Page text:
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Wednesday, June 29, 2005

+N.T. Wright and Jesus' Lordship

Bishop Wright does it again. I know how bloggers are when they come to a link or quote that is usually long. They don't read it. But this one is not one of those that you should ignore, especially if you are an Anglican. +Tom knows how to proclaim the message of the Lordship of Jesus and one that all of us need to recognize and hear again and again and to put into action in every area of our lives. Please take the time to read this and I give a hat tip to Canon Harmon at titusonenine for having it up on his site. A portion of it is below. You will not want to miss this sermon. Read it all HERE.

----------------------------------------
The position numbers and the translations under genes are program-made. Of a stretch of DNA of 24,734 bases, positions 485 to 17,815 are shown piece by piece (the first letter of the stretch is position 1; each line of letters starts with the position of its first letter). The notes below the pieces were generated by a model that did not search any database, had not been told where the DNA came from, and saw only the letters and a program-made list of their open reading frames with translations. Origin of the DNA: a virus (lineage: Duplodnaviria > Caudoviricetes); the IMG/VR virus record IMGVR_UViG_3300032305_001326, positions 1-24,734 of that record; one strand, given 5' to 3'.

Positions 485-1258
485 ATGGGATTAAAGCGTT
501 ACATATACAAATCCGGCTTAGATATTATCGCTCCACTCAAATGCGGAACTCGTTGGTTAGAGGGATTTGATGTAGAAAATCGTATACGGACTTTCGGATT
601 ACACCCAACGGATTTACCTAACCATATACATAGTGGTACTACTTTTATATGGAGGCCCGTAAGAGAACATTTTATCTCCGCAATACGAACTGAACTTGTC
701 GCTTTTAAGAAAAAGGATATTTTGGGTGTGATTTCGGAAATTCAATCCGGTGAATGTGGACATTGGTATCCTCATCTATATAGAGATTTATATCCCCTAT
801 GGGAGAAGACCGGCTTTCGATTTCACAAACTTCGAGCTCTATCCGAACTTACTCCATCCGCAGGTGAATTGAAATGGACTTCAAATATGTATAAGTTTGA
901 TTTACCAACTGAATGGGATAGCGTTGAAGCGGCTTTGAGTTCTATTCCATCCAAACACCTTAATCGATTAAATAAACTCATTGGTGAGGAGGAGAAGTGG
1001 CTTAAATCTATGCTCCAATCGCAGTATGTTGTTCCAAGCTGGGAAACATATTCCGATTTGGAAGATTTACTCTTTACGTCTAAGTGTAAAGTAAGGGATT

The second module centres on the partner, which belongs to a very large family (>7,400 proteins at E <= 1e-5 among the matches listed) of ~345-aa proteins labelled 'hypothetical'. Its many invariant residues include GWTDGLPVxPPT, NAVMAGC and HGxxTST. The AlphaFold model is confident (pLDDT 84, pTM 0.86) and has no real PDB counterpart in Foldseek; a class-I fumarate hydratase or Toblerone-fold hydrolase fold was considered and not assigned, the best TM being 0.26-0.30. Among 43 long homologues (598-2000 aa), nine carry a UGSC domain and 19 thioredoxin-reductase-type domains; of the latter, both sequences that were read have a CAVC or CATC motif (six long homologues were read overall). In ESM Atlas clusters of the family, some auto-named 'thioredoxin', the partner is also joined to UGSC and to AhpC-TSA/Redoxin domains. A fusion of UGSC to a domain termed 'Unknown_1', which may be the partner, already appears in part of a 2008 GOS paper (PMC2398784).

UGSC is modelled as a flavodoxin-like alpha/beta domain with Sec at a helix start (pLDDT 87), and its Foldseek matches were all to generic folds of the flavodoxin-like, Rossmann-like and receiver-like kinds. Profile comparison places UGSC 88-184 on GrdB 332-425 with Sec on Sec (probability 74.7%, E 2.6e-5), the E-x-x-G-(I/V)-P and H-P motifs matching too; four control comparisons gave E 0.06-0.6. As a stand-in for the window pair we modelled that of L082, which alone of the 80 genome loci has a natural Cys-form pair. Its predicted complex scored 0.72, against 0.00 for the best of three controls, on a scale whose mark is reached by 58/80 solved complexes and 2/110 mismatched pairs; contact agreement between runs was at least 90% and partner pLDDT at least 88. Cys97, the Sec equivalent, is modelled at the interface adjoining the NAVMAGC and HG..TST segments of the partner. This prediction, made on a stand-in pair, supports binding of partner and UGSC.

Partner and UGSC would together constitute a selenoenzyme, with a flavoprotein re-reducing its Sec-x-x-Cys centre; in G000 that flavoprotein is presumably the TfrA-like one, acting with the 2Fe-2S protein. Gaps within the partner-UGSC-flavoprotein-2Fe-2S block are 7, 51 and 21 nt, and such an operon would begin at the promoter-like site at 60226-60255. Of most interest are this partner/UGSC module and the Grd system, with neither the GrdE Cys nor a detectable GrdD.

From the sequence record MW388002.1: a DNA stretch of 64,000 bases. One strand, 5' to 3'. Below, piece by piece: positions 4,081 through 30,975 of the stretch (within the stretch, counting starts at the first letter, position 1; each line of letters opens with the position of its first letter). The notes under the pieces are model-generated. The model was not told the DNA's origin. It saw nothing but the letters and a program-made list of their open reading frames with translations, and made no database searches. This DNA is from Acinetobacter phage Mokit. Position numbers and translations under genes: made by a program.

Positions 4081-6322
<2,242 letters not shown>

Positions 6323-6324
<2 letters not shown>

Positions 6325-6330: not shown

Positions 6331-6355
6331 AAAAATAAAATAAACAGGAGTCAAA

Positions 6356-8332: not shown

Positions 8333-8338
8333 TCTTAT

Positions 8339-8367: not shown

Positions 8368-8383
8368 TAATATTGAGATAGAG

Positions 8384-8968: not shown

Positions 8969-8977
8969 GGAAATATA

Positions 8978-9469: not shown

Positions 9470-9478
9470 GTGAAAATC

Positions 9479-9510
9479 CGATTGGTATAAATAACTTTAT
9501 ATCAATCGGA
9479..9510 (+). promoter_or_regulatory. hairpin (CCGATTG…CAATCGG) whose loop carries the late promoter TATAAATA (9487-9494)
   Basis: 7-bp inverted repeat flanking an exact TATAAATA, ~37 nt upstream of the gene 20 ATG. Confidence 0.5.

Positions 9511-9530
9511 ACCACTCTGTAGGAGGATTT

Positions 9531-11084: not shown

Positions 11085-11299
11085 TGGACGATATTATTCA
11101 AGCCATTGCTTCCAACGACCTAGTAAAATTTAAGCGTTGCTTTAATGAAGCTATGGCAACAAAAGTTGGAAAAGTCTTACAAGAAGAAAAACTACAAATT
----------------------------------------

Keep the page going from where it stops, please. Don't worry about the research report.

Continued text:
And this brings us back once more to the collusion between certain types of theology and certain modes of operating in the world. Ever since the eighteenth century, western protestantism has been pulled more and more towards a denial, explicit or implicit, of the great central truths of Christian faith – sometimes, indeed, towards watering them down while still saying the words, sometimes actually to open mockery of the idea of the Trinity or the resurrection or the full meaning of the cross. And what has happened, exactly as the eighteenth-century Deists intended it should, is that God is no longer a player on the world scene; Jesus is Lord far away in heaven, or in the secret places of my heart, perhaps, but he can’t tell me how to run my business or which way to vote. And when that happens Caesar smiles his grim smile and pulls in the rope, and the worlds of money and sex and power all dance to his tune, exhibiting that tell-tale imperial pattern, the pagan pattern, the pattern that says there is no resurrection, that Herod is King of the Jews and Caesar is Lord of the world, that Mammon, the money-god, is divine and rules our pockets, that Aphrodite, the goddess of erotic love, is divine and rules our loins, that Mars the god of war is divine and doesn’t mind who wins as long as people keep fighting each other. My brothers and sisters, is it surprising that, if every doctrine from the Trinity to the divinity of Jesus to his saving death and bodily resurrection and ascension has been dismissed as outdated, disproved or irrelevant, the church should then have no means of protesting against massive economic injustice, against the erosion and inversion of sexual morality, against rampant militarism – in other words, against Caesar and all his weapons? Is it not time to be grasped once more by the real authority of scripture, which is not about quoting a verse here and a line there but about being reshaped by the full story, the whole narrative, the entire drama of a book like Acts until the picture becomes clear and we see who Caesar is and how he works, who Jesus is and how he rescues God’s lovely world from corruption and slavery, and who we are called to be as his Spirit-led witnesses to the ends of the earth?